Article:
The diamond shaped downland which lies between the towns of Marlborough, Wantage, Newbury and Andover offers some of the best locations for those in the market for an equestrian property. Not only is the topography often perfectly suited with free-draining soil, attractive rolling countryside perfect for gallops and riding out but crucially all the behind-the-scenes infrastructure are within an easy distance. From blacksmiths to vets, saddlers, farriers, physiotherapists and feed merchants, the area is blessed with the services and know-how covering the full range of disciplines. This is a critical point for anyone in the market for an equestrian home as proximity to equine facilities will help to keep running costs to a minimum.
Over the years, I’ve bought across the whole spectrum of properties on behalf of TBS clients from country houses with stables and a paddock for pony club families to those with more extensive facilities for both amateur and international eventers who require indoor and outdoor arenas, stables for racehorse trainers, to small farms for polo aficionados with stick-and-ball fields. This part of the country also has the added advantage of excellent transport links to London, airports, racecourses and competition venues across the country.
A lot of attention focuses around the Lambourn Valley–known as the “Valley of the Racehorse”. After Newmarket it’s the largest centre for training racehorses in England and is a globally renowned thoroughbred and bloodstock area. As a result, there’s always strong demand for property primarily from professionals (trainers, breeders and owners) rather than amateurs or enthusiasts. But it doesn’t just attract the top class flat and National Hunt racing community and there are a significant number of international eventers and dressage riders in the area drawn by the facilities on offer. They will, for example, use the trainers’ gallops in the afternoons long after the racehorses have been out and exercised.
Inevitably, the social life tends to be heavily centred around racing with pubs such as The Pheasant in Shefford Woodlands, The Queen’s Arms in East Garston, The Blowing Stone in Kingston Lisle and the Outside Chance near Marlborough being among the favourites within the racing community. Highlights in the annual social calendar will include race meetings at Newbury, Ascot and Cheltenham as well as the big summer matches at Cirencester, Guards and Cowdray polo clubs.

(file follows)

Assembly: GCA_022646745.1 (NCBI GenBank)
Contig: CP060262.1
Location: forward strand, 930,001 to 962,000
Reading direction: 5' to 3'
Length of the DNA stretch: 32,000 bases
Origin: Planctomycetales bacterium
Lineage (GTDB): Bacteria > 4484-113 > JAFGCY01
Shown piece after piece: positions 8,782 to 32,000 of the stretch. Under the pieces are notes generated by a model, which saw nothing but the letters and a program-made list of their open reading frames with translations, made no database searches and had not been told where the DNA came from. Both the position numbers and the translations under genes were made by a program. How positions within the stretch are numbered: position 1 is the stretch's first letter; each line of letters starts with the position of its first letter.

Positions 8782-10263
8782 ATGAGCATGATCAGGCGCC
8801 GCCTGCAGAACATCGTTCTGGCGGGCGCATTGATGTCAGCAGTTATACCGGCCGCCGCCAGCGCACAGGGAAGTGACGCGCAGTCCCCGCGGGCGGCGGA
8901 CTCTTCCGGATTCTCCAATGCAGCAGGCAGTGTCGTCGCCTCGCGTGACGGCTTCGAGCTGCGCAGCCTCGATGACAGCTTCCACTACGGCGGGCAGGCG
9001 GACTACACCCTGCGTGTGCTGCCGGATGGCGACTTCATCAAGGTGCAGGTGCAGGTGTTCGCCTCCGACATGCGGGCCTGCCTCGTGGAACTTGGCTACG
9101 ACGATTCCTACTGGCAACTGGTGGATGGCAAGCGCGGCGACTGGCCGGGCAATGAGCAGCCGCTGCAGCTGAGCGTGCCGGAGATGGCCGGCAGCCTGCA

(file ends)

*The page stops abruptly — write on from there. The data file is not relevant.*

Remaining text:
Families have long been attracted to the area for the variety of local hunts and pony clubs (including the Vine & Craven, Tedworth, VWH and the Old Berks). These buyers tend to be looking for a good-looking house with less sophisticated equestrian facilities. What tips it from amateur to grown-up is points such as the quality of the size and quality arena’s surface, wash-down boxes with a solarium and a barn to park your horsebox in rather than leaving it out in the open.
At the top end of the market both types of buyers will look for equestrian properties where the stable yard is of good quality and ready to move in. Individual requirements depend on specific riding interests but usually encompass an American-style barn with large boxes and good ventilation, manicured paddocks with free-draining soil and staff accommodation.
For professionals, training and exercise facilities should include both indoor and outdoor schools, a horse walker and the potential to install gallops or practice cross-country fences. Finding these specialist properties is often challenging. Therefore, a key part of our advisory role is giving comfort to clients that once a suitable property has been identified that they can create and build any missing facilities.
The exceptional discipline is polo as the owners and players ideally need to be stabled quite close to their main club. Again, there are plenty close to the diamond including the Guards Polo Club and the Royal Berkshire near Windsor, Cirencester Park and Beaufort Polo Club to the north and Tidworth Polo Club to the south. Their buying requirements are different also because a polo property tends to require an exercise track that would ideally be about 600m round and a flat stick-and-ball practice field.